The apical annuli of Toxoplasma gondii are composed of coiled-coil and signalling proteins embedded in the inner membrane complex sutures
Research output: Contribution to journal › Article
- Boston College
- Xi'an Jiaotong University
- University of Puerto Rico
The apical annuli are among the most intriguing and understudied structures in the cytoskeleton of the apicomplexan parasite Toxoplasma gondii. We mapped the proteome of the annuli in Toxoplasma by reciprocal proximity biotinylation (BioID), and validated five apical annuli proteins (AAP1–5), Centrin2, and an apical annuli methyltransferase. Moreover, inner membrane complex (IMC) suture proteins connecting the alveolar vesicles were also detected and support annuli residence within the sutures. Super-resolution microscopy identified a concentric organisation comprising four rings with diameters ranging from 200 to 400 nm. The high prevalence of domain signatures shared with centrosomal proteins in the AAPs together with Centrin2 suggests that the annuli are related and/or derived from the centrosomes. Phylogenetic analysis revealed that the AAPs are conserved narrowly in coccidian, apicomplexan parasites that multiply by an internal budding mechanism. This suggests a role in replication, for example, to provide pores in the mother IMC permitting exchange of building blocks and waste products. However, presence of multiple signalling domains and proteins are suggestive of additional functions. Knockout of AAP4, the most conserved compound forming the largest ring-like structure, modestly decreased parasite fitness in vitro but had no significant impact on acute virulence in vivo. In conclusion, the apical annuli are composed of coiled-coil and signalling proteins assembled in a pore-like structure crossing the IMC barrier maintained during internal budding.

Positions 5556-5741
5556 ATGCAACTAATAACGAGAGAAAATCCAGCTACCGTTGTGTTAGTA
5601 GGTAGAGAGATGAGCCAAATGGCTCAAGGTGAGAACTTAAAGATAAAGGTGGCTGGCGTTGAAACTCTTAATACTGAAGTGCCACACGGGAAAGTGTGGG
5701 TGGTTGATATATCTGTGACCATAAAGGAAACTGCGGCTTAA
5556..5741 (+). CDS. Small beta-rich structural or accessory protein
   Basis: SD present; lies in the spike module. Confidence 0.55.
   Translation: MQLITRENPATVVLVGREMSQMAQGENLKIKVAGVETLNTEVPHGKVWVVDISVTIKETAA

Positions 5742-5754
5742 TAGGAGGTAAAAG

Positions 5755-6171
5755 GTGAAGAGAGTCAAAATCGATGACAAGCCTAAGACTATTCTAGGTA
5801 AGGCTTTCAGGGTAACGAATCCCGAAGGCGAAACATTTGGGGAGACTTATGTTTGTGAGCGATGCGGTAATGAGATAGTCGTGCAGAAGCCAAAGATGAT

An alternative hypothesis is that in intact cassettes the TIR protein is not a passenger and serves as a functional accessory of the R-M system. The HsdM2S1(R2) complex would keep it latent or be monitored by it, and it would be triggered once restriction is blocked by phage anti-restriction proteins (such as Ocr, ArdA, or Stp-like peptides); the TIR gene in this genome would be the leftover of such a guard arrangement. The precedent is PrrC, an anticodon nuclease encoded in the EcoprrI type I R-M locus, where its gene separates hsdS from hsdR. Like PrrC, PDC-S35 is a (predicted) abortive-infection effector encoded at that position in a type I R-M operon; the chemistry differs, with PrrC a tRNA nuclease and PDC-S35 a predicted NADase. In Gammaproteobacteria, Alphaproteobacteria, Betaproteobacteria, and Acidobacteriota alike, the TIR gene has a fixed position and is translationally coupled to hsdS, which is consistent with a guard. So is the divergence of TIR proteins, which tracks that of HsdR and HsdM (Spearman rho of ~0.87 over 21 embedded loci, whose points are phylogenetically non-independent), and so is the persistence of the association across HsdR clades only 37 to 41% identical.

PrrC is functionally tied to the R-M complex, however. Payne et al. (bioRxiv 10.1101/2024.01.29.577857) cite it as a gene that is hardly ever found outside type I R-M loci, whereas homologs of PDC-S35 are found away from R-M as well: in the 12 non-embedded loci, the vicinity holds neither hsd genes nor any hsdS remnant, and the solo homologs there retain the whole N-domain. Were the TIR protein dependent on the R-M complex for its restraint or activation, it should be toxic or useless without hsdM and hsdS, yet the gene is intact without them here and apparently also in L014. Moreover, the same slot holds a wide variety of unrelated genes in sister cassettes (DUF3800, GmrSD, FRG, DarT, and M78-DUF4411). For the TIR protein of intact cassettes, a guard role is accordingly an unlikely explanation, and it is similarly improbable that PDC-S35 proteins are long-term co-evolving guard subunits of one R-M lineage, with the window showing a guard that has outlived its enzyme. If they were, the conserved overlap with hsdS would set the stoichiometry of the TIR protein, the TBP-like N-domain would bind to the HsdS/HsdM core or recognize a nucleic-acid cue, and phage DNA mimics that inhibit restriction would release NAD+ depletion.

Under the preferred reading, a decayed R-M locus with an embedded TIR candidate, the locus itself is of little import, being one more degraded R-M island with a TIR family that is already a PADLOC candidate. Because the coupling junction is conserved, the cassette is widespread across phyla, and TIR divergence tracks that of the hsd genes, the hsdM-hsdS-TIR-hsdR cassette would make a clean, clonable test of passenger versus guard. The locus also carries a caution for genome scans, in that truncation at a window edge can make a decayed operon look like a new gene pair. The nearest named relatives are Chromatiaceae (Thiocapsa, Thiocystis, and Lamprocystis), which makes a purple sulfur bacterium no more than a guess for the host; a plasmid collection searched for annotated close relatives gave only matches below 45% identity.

- BioID, Toxoplasma gondii, apicomplexa, cytoskeleton, proteomics